Legal development

Dont go bacon my heart

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    What you need to do

    • The Ad Standards Community Panel found that using the phrase "Australia's Favourite" with depictions of an Australian map did not misrepresent the origin of the product but related to the popularity of it.

    What you need to know

    • Confirm that packaging and marketing of products complies with Australia's laws governing country of origin information and labelling.
    • Ensure that any allusions to product characteristics are truthful and honest, and would not mislead or deceive the average consumer.

    In a recent decision, the Advertising Standards Community Panel (the Panel) considered whether the phrase "Australia's Favourite Bacon" could be interpreted as an indication of the origin of the bacon product being promoted in a television advertisement by Primo Foods (Primo).

    The advertisement depicted a group of people standing on a beach and as the camera zoomed out, showed the crowd outlined by the shape of Australia before the Primo Foods logo and the words "Australia's Favourite Bacon" appeared. The advertisement also contained a voiceover throughout which included the assertion that Primo's bacon product is "Australia's favourite bacon".

    While the complaint was ultimately dismissed, it still provides food for thought around the use of marketing tools in advertising.

    What was the complaint about?

    The complainants asserted that the advertisement dishonestly misleads and deceives viewers into believing that Primo's bacon product is an Australian made product and as such, breaches section 2.1 of the Australian Association of National Advertiser's (AANA's) Food and Beverage Advertising Code (the Code).

    Section 2.1 of the Code provides that "Advertising or Marketing Communication for Food or Beverage Products shall be truthful and honest, shall not be or be designed to be misleading or deceptive or otherwise contravene Prevailing Community Standards…".

    The complainants submitted that because Primo's bacon product contains less than 25% Australian content, it is misleading to label it as "Australia's Favourite Bacon" and include a map of Australia with the Primo Foods logo in it, because this infers that the product is Australian made.

    What did Primo say?

    Primo responded to the complaint by asserting that it did not make or attempt to make a country of origin claim in respect of its bacon product, but was instead claiming that its product is the most preferred bacon product by Australians, when compared to all other bacon brands. Primo also stated that the phrase "Australia's Favourite" is a "common marketing tool" used to indicate that a product is the most preferred by consumers in Australia and to demonstrate customer preference based on the highest market share.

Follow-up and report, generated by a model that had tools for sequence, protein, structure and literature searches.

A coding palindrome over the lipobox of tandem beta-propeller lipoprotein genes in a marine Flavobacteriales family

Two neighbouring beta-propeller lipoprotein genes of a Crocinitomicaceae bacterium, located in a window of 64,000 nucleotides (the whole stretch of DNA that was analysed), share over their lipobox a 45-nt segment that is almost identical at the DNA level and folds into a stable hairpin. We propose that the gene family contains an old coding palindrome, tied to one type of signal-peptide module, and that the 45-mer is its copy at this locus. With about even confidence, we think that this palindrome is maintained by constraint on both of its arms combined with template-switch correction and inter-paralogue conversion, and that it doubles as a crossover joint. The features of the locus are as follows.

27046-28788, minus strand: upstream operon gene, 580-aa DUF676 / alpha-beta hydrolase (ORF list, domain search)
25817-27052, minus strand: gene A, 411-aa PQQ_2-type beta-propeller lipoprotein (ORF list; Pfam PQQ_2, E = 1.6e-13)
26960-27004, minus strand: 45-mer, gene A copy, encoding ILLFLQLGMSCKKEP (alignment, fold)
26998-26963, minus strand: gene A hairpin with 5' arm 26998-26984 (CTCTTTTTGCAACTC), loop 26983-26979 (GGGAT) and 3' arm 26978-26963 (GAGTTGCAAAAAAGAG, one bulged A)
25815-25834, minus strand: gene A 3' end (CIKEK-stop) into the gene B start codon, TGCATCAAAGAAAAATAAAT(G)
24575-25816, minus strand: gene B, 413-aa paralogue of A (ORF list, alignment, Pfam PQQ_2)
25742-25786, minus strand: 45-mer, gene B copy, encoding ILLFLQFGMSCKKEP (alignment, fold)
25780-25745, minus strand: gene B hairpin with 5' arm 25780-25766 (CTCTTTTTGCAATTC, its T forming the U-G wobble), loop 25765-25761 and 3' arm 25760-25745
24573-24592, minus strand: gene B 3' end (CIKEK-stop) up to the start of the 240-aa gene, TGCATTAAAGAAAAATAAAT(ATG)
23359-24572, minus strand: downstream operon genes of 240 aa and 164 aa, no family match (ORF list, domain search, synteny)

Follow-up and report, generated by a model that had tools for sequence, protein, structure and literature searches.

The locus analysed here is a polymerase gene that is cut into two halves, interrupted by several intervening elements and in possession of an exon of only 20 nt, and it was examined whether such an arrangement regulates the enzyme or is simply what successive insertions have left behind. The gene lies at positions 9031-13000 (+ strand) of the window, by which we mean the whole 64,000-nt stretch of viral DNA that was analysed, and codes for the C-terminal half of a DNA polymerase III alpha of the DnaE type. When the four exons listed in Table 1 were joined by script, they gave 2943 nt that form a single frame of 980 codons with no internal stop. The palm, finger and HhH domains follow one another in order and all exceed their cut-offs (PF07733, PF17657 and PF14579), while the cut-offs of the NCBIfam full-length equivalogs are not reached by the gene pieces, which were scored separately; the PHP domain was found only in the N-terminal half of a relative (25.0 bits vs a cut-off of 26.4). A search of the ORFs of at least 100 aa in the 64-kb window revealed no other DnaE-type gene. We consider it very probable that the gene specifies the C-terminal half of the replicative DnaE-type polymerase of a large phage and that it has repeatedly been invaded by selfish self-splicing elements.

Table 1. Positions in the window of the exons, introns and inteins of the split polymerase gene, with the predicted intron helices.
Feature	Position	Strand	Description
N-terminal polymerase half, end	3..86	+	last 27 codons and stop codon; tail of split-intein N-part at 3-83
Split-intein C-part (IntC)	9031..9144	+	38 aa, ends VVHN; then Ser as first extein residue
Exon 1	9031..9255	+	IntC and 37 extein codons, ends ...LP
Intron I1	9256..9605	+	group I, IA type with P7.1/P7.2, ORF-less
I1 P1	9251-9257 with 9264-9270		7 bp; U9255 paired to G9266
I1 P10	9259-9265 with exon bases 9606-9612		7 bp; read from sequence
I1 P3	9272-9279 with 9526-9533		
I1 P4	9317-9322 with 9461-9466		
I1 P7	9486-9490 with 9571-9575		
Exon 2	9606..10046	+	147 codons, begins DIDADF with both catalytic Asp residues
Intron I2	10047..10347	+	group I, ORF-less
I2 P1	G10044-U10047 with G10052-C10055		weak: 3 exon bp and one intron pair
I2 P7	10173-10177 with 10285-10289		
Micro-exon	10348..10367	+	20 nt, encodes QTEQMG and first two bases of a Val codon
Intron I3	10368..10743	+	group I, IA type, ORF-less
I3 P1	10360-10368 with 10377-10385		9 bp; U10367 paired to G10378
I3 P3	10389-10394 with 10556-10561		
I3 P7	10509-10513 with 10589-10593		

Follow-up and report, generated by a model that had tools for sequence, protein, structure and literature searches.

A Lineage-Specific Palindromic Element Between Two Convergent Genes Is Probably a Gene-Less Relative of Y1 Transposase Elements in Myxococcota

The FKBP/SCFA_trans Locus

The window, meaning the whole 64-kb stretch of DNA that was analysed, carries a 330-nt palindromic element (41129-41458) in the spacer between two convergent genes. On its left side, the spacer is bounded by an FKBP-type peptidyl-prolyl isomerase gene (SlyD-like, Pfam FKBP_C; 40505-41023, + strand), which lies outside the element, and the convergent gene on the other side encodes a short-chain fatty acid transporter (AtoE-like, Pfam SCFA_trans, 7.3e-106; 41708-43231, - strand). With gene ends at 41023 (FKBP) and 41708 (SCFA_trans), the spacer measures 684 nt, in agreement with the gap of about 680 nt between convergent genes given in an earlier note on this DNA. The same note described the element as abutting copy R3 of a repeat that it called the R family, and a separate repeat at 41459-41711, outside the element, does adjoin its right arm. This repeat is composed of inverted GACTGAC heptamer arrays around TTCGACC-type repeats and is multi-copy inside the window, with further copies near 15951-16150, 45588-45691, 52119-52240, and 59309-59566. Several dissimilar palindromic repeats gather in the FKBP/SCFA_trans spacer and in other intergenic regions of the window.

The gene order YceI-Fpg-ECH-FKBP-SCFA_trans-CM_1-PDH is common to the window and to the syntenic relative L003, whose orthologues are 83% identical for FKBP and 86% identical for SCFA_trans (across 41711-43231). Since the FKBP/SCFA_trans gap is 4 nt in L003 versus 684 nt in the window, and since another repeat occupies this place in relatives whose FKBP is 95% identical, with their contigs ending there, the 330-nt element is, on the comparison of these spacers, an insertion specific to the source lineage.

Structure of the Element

Importantly, Primo submitted evidence to substantiate the claim that its product is the most preferred by consumers, by using quantitative market share data to demonstrate that it did have the highest market share of bacon sales for its bacon product.

    Primo also asserted that the Panel had dismissed a highly similar complaint made against it previously and made submissions on its compliance with the AANA's Code of Ethics.

    The Panel's decision

    The Panel referred to the lack of any discussion of origin in the advertisement and agreed with Primo's assertion that the phrase "Australia's Favourite Bacon" suggests consumer preference rather than the product's origin.

    The Panel also noted the Practice Note for section 2.1 of the Code which states that the Panel should not attempt to apply legal tests when determining whether an advertisement is truthful or honest, or designed to mislead or deceive, but rather they should focus on whether the information likely to be taken from the advertisement by the average consumer in the target market, would be regarded as truthful and honest.

    When applying this test, the Panel found that the average consumer would interpret the advertisement as saying that Primo's bacon product is popular, not that it is Australian made.

    While the Panel's decisions are not binding, this case provides good guidance for advertisers to follow when considering using phrases such as "Australia's Favourite" to ensure they are not misleading or deceiving consumers. It also reassures advertisers that they can use these tools with confidence when the have the data to substantiate their claims and have otherwise ensured that they are not falling foul of laws applying to country of origin information and labelling.


    Authors: Daele Tyler, Lawyer; and Kellech Smith, Partner.

    The information provided is not intended to be a comprehensive review of all developments in the law and practice, or to cover all aspects of those referred to.
    Readers should take legal advice before applying it to specific issues or transactions.


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